Moreover, the book’s central conceit– in which the minority upper class lives the sort of high life only dreamed of by those outside of the Capitol, who barely scrape by living day to day– speaks to both liberal and conservative perspectives on sociological issues pertaining to the allotment of wealth in America and also to the stature and role of government in American society. The left-wing perspective, for example, might revolve around the disproportionate quality of living enjoyed by the minority upper class versus the majority of the population, as well as the distribution of wealth.
Does this mean that American audiences, with hot-topic political issues fresh in their minds, will flock to see The Hunger Games in theaters? I have no idea whatsoever. But if they do, then subtext– whether viewers acknowledge it or not– could play a big role in selling tickets. Then again, I may be projecting myself too much onto the average moviegoer, who doesn’t really care about what a film says to them below the surface and really just wants to shut their brain off for a little while** and ignore the world. And I grant that I’m assuming far too much about how well-informed most people are, as well. Nonetheless, I feel very much compelled to understand the massive emphasis being placed on the film’s impending release; do executives and marketers really feel confident that they have a hit on their hands, or is there something intangible and more substantive driving the push behind Gary Ross’ third directorial feature?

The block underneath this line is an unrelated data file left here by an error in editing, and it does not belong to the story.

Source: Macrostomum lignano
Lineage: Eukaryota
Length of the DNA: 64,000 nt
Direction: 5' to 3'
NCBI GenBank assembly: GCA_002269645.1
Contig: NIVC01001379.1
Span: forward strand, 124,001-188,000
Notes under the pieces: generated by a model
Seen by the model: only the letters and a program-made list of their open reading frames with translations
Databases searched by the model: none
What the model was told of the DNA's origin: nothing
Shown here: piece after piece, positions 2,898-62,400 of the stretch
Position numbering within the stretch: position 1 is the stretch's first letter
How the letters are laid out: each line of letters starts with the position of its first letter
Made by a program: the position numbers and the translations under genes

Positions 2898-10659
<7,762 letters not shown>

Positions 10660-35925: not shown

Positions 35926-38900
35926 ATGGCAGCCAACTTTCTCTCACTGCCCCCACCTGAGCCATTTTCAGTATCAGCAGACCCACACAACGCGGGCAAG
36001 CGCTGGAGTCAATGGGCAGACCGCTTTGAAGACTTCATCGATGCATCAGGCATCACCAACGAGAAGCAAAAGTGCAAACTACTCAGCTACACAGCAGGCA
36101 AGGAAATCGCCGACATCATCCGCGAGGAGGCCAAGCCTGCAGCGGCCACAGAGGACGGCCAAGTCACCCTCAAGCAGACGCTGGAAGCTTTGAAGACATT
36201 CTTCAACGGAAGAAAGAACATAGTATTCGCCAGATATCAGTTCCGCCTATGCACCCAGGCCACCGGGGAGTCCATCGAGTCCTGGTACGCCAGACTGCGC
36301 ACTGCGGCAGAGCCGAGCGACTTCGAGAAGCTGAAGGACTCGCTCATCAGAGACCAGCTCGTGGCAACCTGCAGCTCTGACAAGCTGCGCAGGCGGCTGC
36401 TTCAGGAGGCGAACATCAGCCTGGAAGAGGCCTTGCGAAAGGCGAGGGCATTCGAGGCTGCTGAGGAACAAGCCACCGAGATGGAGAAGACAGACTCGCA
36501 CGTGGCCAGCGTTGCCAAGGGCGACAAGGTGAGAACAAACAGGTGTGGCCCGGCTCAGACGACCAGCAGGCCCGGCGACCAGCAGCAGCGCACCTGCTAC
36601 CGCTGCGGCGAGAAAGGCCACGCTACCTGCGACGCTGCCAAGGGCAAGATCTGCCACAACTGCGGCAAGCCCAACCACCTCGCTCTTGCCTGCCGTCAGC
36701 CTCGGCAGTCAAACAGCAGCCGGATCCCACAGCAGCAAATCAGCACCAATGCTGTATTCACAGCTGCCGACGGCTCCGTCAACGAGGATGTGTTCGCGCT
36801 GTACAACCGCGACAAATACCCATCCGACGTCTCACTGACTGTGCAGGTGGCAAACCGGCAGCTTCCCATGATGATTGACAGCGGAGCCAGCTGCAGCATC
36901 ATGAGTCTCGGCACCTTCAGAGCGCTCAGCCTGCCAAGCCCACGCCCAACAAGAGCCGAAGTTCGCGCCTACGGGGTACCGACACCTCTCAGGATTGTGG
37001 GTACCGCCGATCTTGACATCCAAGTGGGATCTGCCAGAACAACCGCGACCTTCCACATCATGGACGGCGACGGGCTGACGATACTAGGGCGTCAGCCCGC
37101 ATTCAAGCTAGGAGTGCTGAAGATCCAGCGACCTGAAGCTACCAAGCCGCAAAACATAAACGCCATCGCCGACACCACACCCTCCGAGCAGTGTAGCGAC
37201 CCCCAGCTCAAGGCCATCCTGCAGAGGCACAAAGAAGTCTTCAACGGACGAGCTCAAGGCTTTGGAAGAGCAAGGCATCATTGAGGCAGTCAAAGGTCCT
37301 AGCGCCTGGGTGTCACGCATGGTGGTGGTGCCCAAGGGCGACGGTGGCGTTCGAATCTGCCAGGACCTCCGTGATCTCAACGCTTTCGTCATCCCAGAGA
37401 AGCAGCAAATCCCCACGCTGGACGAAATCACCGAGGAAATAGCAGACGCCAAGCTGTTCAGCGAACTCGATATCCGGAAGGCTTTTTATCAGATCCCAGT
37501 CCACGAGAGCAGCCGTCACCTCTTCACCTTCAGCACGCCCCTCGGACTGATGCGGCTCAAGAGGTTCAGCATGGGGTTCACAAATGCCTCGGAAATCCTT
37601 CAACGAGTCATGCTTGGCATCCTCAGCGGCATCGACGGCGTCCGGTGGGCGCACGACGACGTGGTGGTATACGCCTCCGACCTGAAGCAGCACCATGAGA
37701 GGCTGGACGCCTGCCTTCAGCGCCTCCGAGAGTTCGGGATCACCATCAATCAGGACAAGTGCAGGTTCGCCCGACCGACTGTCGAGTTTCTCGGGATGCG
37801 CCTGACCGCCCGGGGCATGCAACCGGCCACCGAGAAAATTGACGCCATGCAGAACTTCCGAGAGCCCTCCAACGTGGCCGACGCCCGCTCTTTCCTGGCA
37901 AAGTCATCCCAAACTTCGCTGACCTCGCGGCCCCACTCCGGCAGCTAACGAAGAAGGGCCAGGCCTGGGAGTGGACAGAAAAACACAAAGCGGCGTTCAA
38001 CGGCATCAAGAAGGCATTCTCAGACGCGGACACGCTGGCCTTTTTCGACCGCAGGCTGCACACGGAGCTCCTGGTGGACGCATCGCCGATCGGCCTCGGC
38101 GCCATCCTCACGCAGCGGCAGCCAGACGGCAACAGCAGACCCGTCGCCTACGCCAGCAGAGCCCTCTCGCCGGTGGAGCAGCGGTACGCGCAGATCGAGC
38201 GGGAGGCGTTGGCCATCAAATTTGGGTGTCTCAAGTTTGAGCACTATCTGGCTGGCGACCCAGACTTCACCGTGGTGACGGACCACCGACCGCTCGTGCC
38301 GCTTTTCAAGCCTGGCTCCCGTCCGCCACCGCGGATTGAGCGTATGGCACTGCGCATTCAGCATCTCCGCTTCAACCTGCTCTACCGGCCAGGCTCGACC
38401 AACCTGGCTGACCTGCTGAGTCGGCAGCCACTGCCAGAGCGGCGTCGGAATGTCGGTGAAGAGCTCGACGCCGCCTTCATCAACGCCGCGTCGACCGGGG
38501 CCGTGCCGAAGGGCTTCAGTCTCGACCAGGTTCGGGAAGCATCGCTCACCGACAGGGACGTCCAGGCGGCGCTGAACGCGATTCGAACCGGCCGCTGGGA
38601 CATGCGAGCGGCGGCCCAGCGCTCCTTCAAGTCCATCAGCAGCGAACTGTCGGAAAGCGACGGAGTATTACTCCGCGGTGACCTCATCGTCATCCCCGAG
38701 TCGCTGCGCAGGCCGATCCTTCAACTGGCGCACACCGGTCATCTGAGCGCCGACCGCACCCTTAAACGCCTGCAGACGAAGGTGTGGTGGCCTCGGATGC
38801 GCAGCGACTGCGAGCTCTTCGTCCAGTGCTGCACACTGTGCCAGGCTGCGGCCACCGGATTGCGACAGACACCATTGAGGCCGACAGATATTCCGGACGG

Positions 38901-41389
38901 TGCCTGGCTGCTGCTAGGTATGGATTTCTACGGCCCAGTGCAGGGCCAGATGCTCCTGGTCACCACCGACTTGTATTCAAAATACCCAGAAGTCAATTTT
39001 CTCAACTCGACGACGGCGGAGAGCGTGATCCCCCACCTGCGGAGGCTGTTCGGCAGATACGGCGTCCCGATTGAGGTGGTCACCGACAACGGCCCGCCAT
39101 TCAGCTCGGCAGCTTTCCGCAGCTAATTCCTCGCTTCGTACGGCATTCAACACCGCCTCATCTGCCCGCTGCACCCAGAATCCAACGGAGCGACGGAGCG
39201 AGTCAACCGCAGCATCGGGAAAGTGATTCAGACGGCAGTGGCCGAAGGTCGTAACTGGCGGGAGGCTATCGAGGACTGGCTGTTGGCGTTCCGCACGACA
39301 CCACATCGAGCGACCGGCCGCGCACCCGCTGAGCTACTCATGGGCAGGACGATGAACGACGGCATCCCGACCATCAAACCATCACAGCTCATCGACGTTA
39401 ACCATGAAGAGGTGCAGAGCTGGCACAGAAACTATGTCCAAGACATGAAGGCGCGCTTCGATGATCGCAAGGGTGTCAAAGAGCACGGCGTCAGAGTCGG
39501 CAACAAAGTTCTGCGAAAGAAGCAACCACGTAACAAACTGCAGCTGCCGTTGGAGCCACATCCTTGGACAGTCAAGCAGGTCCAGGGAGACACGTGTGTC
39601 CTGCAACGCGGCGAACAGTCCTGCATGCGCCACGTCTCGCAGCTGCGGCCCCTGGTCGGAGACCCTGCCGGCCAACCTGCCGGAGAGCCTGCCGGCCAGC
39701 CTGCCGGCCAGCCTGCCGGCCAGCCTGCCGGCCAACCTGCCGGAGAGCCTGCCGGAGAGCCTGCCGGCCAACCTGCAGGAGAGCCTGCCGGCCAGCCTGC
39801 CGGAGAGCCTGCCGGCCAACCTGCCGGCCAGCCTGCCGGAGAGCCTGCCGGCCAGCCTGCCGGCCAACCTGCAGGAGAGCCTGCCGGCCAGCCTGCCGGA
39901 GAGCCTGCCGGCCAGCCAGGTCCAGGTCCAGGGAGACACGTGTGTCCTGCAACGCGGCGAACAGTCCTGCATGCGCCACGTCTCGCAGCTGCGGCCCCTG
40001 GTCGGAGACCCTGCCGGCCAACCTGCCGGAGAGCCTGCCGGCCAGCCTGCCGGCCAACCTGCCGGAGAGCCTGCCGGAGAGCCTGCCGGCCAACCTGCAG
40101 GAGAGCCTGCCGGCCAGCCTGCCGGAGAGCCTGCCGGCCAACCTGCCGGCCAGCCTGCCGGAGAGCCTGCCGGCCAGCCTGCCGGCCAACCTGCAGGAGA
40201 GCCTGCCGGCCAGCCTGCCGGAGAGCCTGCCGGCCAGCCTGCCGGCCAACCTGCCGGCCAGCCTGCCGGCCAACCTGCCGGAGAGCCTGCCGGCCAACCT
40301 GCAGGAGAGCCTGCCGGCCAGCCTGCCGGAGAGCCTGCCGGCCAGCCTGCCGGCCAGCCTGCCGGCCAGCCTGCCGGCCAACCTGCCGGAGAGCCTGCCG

Bonus round question: What if Hunger Games doesn’t turn out to be legit and audiences don’t turn out in droves to watch the first chapter in the saga of sixteen-year-old Katniss (Jennifer Lawrence, whose turn in Winter’s Bone could provide a foundation for the character) as she participates in the Battle Royale-esque game of the title. What franchise could spring up to become the new dominating force in serial cinema?
*Not to mention that their releases both fall in the same season.
**In which case I recommend alcohol; it’s cheaper and it’s more effective. Win win.